Can it be true? Yes, indulging in the decadence of dark chocolate can help enhance blood flow in the body, reducing the risk of stroke, and even assisting in maintaining blood sugar levels. It can also help restore flexibility in the arteries and help keep white blood cells from sticking to vessel walls. These are major benefits for keeping atherosclerosis (or hardening of the arteries) at bay. Just be sure to buy chocolate that contains 70% cocao. And you’ll want to be cautious of your portion size, since one ounce of dark chocolate has about 155-170 calories. A half-ounce is just enough to get the benefits you need while also satisfying your sugar cravings.


This green soybean superfood has become a fan favorite among those looking for a quick and healthy on-the-go snack, or an easy protein source to replace animal protein. Edamame, along with other soy foods, are rich in isoflavones, which are phytonutrients that can boost the functioning of arteries and veins.

Here are some ways to incorporate edamame into your diet:


The debate over whether the tomato is a fruit or a vegetable is over. The courts have decided that for customs regulations purposes, it is classified as a vegetable. From a botanical standpoint, however, it still falls in the fruit category. Either way, tomatoes remain a heart-healthy food, thanks to the antioxidant partner lycopene, which not only gives them their red hue, but packs a powerful punch in helping to reduce inflammation and lower LDL cholesterol levels, thus reducing the risk of heart disease. And if you didn’t already know, eating cooked tomatoes is healthier than eating them raw. (Cooked tomatoes contain up to 2.5 times as much lycopene as raw tomatoes.)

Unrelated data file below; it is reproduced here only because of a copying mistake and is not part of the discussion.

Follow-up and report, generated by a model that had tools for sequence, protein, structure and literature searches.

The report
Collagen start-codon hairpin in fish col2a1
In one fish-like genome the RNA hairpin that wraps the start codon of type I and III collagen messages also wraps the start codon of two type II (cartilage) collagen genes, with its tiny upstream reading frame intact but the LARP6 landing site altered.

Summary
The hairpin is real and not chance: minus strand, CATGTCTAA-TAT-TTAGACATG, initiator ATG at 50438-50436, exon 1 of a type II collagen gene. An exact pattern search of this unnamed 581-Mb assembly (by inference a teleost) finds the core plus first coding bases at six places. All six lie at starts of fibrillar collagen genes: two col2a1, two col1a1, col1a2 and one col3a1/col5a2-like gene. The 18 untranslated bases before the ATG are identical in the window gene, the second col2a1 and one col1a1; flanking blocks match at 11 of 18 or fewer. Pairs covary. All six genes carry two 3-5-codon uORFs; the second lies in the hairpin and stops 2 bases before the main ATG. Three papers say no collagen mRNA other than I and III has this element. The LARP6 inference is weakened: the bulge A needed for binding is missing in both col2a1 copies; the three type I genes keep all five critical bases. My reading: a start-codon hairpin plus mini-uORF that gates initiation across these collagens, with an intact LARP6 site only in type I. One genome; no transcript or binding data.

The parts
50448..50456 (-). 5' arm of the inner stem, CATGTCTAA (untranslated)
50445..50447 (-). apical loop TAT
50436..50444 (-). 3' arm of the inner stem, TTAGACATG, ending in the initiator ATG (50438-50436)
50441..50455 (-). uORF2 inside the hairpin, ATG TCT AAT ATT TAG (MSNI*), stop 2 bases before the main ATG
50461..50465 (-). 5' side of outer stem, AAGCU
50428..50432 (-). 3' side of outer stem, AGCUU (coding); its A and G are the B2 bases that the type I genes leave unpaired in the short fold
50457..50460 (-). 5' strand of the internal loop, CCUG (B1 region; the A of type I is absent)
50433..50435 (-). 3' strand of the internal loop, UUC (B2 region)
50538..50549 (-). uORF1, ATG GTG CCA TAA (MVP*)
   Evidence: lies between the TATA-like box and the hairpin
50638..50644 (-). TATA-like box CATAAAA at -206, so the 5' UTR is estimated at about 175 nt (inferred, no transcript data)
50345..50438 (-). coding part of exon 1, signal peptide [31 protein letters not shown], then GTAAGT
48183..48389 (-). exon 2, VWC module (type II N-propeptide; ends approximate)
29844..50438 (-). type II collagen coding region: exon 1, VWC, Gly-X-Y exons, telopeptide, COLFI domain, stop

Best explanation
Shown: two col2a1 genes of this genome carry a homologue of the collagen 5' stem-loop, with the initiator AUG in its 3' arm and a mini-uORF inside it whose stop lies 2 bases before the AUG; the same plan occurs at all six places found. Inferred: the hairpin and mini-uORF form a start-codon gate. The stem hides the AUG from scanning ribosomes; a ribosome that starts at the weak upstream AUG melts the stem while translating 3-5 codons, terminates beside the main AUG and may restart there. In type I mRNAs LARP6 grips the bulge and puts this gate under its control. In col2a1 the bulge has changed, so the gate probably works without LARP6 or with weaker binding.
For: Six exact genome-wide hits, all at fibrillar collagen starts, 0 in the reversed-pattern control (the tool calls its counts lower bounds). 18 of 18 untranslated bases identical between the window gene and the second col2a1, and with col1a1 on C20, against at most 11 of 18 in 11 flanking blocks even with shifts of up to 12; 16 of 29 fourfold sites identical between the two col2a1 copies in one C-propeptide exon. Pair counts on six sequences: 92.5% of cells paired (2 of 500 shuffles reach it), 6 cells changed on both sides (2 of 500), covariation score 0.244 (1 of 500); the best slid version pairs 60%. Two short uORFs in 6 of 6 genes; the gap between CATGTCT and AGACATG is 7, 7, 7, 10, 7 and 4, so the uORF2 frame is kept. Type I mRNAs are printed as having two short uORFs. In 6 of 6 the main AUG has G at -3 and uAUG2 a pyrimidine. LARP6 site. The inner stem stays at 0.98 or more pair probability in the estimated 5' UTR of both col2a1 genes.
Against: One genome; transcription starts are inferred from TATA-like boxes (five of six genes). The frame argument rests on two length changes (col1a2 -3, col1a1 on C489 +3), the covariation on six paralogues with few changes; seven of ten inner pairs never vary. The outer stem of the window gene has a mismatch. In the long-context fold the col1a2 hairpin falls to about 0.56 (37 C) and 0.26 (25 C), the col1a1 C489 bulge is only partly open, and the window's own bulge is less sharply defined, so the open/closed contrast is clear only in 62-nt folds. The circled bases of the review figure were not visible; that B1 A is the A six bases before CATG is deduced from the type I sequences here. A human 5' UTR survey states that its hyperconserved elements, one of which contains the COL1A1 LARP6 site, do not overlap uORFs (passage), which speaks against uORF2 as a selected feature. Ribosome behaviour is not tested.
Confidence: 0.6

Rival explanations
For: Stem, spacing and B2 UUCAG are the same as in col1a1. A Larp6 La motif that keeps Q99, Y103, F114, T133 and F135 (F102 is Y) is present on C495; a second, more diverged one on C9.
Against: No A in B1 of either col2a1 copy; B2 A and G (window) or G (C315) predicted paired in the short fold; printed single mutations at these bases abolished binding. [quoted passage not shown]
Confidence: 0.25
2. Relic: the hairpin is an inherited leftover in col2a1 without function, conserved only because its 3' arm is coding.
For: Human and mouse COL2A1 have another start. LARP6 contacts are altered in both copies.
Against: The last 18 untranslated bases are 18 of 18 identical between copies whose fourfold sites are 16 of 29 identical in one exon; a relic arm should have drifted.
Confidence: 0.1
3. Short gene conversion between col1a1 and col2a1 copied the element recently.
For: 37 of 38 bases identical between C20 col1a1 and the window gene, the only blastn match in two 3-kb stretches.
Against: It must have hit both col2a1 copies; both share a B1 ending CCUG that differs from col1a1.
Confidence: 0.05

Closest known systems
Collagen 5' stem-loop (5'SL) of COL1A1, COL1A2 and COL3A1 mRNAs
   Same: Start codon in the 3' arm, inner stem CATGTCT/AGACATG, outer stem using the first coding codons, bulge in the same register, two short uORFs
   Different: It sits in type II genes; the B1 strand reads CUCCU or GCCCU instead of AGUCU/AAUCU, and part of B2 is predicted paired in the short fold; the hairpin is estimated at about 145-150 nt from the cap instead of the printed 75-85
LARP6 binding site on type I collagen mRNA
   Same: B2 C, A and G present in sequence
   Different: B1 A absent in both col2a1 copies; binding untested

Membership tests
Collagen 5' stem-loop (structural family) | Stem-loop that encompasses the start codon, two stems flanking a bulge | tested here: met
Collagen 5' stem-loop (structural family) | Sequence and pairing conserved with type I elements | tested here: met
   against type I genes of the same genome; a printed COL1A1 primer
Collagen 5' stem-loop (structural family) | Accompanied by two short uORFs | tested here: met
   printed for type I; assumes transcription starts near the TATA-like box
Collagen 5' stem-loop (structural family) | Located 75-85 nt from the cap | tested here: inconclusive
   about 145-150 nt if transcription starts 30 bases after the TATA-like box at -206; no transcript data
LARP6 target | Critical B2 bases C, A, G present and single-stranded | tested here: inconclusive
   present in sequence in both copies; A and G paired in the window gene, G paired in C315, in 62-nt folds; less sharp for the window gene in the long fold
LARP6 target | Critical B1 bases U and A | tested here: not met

Here are some ways to add tomatoes to your favorite recipes:

  • Add tomato paste to vegetable or chicken stock for added flavor and heart-healthy benefits
  • Use crushed tomatoes to top your pizza or pasta
  • Add roasted tomatoes to your quinoa
  • Experts suggest buying jars of crushed tomatoes instead of prepared tomato sauce, which may have added sugar and salt


Walnuts are a great source of vitamin E, an antioxidant which has been shown to help prevent the buildup of plaque in the arteries, thus reducing the risk of coronary artery disease and heart attacks. This nut also contains omega-3 fatty acids, which are known to reduce inflammation.

Eating 1/4 cup of walnuts meets most people’s nutritional requirement of omega-3s. Here are some other ways to add walnuts to your meals:

  • Add to oatmeal (try our apple pumpkin oatmeal)
  • Add to trail mix
  • Add to salads
  • Add to yogurt
  • Add to healthy baked goods for a nutritional power punch
  • Substitute walnuts for pine nuts in homemade pesto

Whether you incorporate one or all of these cardiac superfoods into your diet, you’ll be well on your way to a healthy heart.

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**These statements have not been evaluated by the Food and Drug Administration. This product is not intended to diagnose, treat, cure or prevent any disease.